Diet and Exercise Feed

Part of a healthy lifestyle, one that may prevent heart disease, Alzheimer’s and other diseases, involves consuming a nourishing diet. According to a recent study, one way to obtain these nutrients is through the MIND diet. This berry-heavy diet, which was created by nutritional epidemiologist Martha Clare Morris, PhD and colleagues at Rush University Medical Center in Chicago, IL, is a tweaked combination of the Mediterranean and the DASH diets. The acronym MIND stands for Mediterranean-DASH Intervention for Neurodegenerative Delay. Read more →


It’s human tendency to get stuck in our ways as we carry out life’s demands, and caregiving is no exception. But the routines that we fall into could often use some improvements as time passes and new factors arise. With spring upon us, it’s a good time to take a fresh look at our care plans to see if there are areas that need fixing or at least a fresh twist. Read more →


At age 85, Fred Bartlit is still skiing slopes that would challenge an accomplished skier decades younger. The reason? Serious strength training that he dubs the StrongPath. Through the years, Fred has taught others interested in creating and/or protecting physical and cognitive health. This has now led to the publication of a new book titled Choosing the StrongPath: Reversing the Downward Spiral of Aging. Fred co-authored the book with Steven Droullard and Dr. Marni Boppart. Read more →


Modern medicine has given the average person an increased lifespan but not necessarily an increased health span. Most of us want both. We’d like to live longer than the norm of even a couple of decades ago, but we want to do so with good health, and that is particularly true for our brain when it comes to brain health. HealthCentral’s interest was piqued by a new book that is focused on keeping our brains healthy, Brain Rules for Aging Well, written by Dr. John J. Medina, Read more →


...Accepting this current failure to produce a drug that is of real help to people with the disease has been a struggle for researchers at large. There are still many questions about exactly what triggers Alzheimer’s disease and whether or not there is just one cause or if there are several. Researchers will continue to try to solve the puzzle. Most likely they will eventually develop a method that can reliably prevent or cure Alzheimer’s through pharmaceutical intervention. Meanwhile, as is often the case, acceptance of this current failure has led to studies that seem to have produced some hope on a more basic level. Read more →


It’s thought that sundowning stems from a combination of factors such as disorientation due to lack of light, fatigue, and disruptions in the body clock. While there’s no cure for sundowning some medications and lifestyle changes can help. Below are some tips that may help you and your loved one cope with this often frustrating end-of-day behavior: Read more →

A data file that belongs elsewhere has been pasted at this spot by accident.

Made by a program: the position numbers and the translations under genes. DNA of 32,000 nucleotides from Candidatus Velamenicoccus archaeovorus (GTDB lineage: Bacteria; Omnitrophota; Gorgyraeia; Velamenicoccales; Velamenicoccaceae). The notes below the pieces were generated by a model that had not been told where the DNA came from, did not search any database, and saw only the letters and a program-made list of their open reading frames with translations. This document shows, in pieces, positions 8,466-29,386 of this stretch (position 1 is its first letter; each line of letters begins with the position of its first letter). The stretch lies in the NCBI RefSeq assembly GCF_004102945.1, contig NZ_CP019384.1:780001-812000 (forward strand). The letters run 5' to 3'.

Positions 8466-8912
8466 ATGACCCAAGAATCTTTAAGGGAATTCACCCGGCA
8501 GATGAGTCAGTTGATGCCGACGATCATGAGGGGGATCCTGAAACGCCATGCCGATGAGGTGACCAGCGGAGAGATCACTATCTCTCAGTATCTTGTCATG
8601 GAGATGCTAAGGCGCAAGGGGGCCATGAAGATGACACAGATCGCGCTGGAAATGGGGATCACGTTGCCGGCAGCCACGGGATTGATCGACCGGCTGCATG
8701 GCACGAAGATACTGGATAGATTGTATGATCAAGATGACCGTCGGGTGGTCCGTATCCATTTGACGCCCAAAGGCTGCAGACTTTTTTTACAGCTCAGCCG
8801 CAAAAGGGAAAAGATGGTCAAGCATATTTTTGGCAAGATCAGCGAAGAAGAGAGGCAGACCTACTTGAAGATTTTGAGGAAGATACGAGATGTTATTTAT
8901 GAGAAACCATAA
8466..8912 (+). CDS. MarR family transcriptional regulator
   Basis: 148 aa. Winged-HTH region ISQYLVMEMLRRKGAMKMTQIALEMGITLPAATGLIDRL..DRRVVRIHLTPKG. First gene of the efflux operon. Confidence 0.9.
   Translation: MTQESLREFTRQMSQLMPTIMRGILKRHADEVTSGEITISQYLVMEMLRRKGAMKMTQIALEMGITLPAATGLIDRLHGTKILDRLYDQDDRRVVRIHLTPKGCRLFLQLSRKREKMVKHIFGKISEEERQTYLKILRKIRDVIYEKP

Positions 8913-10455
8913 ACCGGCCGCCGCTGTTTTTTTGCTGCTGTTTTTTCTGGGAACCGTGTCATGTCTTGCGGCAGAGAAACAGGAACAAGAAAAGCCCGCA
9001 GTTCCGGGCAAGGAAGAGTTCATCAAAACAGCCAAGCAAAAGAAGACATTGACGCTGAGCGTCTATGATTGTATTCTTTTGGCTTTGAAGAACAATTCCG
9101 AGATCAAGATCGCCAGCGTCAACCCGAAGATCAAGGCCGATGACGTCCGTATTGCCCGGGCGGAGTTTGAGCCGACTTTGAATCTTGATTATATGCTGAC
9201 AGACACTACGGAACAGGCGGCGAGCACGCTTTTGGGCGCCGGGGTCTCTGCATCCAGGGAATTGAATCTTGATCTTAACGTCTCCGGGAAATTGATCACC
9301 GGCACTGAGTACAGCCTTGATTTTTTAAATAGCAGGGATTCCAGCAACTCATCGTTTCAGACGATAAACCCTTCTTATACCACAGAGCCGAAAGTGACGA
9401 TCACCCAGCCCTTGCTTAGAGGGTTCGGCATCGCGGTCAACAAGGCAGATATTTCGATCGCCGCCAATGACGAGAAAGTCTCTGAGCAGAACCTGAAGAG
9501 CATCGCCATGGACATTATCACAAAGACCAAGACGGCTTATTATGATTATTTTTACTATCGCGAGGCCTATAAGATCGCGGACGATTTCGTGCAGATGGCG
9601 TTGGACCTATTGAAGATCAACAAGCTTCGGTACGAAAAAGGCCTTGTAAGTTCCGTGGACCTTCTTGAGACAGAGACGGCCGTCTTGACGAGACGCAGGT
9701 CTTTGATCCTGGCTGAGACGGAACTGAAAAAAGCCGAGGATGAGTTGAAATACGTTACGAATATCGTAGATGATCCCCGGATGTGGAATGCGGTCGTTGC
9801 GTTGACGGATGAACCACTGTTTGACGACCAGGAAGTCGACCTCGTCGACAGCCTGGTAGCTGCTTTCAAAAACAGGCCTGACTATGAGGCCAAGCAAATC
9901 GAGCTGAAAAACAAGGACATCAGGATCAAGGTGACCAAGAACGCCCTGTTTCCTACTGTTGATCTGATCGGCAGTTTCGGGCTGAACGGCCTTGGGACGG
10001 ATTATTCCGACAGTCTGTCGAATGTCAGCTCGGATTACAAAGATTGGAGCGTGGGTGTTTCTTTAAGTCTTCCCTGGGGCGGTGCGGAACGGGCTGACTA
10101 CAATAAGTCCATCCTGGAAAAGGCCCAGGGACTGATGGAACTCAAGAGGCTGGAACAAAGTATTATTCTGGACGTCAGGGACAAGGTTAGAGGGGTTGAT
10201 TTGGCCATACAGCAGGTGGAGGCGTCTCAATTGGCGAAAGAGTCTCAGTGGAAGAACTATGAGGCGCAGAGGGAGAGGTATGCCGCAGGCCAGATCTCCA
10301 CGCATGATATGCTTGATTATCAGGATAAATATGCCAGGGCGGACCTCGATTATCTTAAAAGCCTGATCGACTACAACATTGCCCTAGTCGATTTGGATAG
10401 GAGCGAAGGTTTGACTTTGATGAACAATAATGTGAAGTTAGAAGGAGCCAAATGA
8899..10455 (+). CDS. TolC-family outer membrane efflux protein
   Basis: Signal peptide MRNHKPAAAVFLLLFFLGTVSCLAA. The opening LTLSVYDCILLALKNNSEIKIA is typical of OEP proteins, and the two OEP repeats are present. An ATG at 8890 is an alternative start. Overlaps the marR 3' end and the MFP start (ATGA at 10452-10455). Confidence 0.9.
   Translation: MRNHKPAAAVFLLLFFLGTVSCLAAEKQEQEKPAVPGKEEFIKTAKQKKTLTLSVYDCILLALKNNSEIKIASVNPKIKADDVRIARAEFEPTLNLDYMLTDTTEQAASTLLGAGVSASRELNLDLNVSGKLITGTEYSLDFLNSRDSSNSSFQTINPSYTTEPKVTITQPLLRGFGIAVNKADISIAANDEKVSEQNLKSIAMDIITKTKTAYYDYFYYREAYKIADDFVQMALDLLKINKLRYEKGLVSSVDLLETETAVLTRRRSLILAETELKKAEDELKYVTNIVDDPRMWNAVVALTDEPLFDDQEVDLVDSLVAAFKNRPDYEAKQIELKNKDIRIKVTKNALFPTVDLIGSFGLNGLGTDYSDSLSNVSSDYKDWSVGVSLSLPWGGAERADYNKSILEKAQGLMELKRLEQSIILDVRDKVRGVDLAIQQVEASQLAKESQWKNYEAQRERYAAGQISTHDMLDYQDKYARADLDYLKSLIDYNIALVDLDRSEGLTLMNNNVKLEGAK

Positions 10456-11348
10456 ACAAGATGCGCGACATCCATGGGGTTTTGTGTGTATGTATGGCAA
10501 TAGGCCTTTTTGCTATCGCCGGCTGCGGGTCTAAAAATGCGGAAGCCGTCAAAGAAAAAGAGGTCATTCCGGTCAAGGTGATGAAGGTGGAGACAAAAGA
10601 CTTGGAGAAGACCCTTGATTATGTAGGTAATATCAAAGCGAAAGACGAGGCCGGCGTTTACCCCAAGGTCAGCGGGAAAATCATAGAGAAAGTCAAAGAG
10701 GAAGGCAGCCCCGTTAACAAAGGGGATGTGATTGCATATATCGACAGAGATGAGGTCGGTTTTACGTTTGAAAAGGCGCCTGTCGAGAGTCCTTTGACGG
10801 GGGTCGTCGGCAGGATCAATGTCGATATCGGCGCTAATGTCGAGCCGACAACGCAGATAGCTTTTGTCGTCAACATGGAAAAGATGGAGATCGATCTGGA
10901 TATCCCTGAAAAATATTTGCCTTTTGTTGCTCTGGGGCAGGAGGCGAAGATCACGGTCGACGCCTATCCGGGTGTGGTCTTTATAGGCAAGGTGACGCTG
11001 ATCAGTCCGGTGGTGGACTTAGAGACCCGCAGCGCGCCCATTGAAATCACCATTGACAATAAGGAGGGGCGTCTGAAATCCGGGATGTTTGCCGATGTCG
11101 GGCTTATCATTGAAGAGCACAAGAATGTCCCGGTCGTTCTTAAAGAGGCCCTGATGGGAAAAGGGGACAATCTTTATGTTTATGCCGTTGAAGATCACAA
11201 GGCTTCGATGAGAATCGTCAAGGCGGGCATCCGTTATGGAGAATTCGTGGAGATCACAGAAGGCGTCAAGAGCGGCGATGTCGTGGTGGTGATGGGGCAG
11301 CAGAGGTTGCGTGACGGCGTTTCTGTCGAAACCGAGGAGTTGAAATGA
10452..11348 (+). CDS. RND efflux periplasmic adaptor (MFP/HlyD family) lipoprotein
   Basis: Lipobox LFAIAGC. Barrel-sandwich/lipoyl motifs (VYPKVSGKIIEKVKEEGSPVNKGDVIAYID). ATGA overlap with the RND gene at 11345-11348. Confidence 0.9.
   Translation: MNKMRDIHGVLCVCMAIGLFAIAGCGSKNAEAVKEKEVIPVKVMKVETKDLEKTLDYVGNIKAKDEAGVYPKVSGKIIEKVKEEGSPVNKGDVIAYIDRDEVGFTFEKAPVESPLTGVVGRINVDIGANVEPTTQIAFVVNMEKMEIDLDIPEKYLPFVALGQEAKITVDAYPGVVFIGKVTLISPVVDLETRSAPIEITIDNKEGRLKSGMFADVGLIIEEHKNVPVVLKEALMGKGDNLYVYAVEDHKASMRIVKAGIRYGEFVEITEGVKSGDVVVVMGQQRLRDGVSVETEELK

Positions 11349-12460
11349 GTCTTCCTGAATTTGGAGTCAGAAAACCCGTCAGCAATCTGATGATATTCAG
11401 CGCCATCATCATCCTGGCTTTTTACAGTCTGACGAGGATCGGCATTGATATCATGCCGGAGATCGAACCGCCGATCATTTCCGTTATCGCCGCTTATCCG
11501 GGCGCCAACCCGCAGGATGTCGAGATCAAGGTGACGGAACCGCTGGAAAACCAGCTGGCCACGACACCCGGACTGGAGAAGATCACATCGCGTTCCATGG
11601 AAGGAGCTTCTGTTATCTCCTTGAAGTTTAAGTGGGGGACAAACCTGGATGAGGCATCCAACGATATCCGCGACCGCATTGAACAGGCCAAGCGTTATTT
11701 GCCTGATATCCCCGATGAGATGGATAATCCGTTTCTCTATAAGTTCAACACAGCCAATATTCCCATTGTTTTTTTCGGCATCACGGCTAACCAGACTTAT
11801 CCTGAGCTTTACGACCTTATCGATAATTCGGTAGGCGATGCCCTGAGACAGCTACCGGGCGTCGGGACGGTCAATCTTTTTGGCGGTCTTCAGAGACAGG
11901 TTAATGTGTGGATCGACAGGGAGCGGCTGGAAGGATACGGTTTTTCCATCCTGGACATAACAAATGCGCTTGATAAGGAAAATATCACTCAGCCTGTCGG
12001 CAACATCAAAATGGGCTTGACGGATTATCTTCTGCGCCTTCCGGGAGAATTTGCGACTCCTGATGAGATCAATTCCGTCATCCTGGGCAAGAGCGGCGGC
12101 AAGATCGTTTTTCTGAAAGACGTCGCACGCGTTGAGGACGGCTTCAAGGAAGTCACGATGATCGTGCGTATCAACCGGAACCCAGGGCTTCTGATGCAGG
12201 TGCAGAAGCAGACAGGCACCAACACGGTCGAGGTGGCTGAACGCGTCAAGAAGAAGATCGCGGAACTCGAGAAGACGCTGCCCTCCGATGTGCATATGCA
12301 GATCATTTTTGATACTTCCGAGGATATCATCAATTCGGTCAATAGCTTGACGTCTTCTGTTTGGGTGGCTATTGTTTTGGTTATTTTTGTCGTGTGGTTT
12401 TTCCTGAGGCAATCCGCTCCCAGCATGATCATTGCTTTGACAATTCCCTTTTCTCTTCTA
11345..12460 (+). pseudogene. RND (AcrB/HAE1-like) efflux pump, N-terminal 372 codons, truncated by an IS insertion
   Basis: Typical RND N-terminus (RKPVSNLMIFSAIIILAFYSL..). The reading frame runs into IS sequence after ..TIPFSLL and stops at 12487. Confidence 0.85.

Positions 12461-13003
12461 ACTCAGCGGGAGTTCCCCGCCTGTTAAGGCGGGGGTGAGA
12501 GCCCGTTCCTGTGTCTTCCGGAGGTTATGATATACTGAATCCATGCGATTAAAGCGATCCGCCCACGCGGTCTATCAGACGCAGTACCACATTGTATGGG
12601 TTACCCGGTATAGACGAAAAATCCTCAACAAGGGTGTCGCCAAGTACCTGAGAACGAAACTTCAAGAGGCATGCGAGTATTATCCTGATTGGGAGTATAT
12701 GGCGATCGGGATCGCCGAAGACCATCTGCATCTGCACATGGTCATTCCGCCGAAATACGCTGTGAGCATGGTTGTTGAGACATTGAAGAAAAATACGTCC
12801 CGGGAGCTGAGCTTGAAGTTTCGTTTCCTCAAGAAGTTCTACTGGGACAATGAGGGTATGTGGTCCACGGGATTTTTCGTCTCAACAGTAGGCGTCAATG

...Insulin resistance, which is a hallmark of type 2 diabetes, was shown in tests to influence verbal fluency in women more than men. Verbal fluency is one of many skills tested when looking for symptoms of cognitive issues that often lead to Alzheimer’s disease. According to the study’s authors, it is common to test verbal fluency when evaluating different executive functions and semantic memory, as well. Read more →


Then we have issues involving the brain. The stigma of any health problem connected to the brain may have improved over the years, but it has yet to disappear. The attitude that there is something particularly bad about diseases that affect the way a person thinks is particularly evident in the older population, yet the older population is where most dementia is found. For this reason, caregivers are often advised to take the loved one who may be having some potential cognitive issues to his or her primary physician as a first step. Read more →


Many people are genetically predisposed to developing certain diseases, among them diabetes, cancer, heart disease and Alzheimer’s. It’s natural to worry if you’ve watched family members endure the illnesses. However, the cortisol released in your body by chronic stress, which can be caused by worry, could increase your susceptibility. The fix? Be proactive. Limiting stress may not completely protect you from the disease that you dread, but it can help your overall health and, for some diseases, this could help you avoid a trigger. Where do you start? Read more →


A study has shown that sedentary people face a similar risk of developing Alzheimer’s disease to those who carry a genetic risk for the disease. To me, this information is startling. It should provide enough incentive to get those of us who have a thousand excuses for not exercising, to get in the game. The study’s researchers at McMaster University in Hamilton, Ontario came to their conclusion after following the health of more than 1,600 Canadians over a period of five years.  Read more →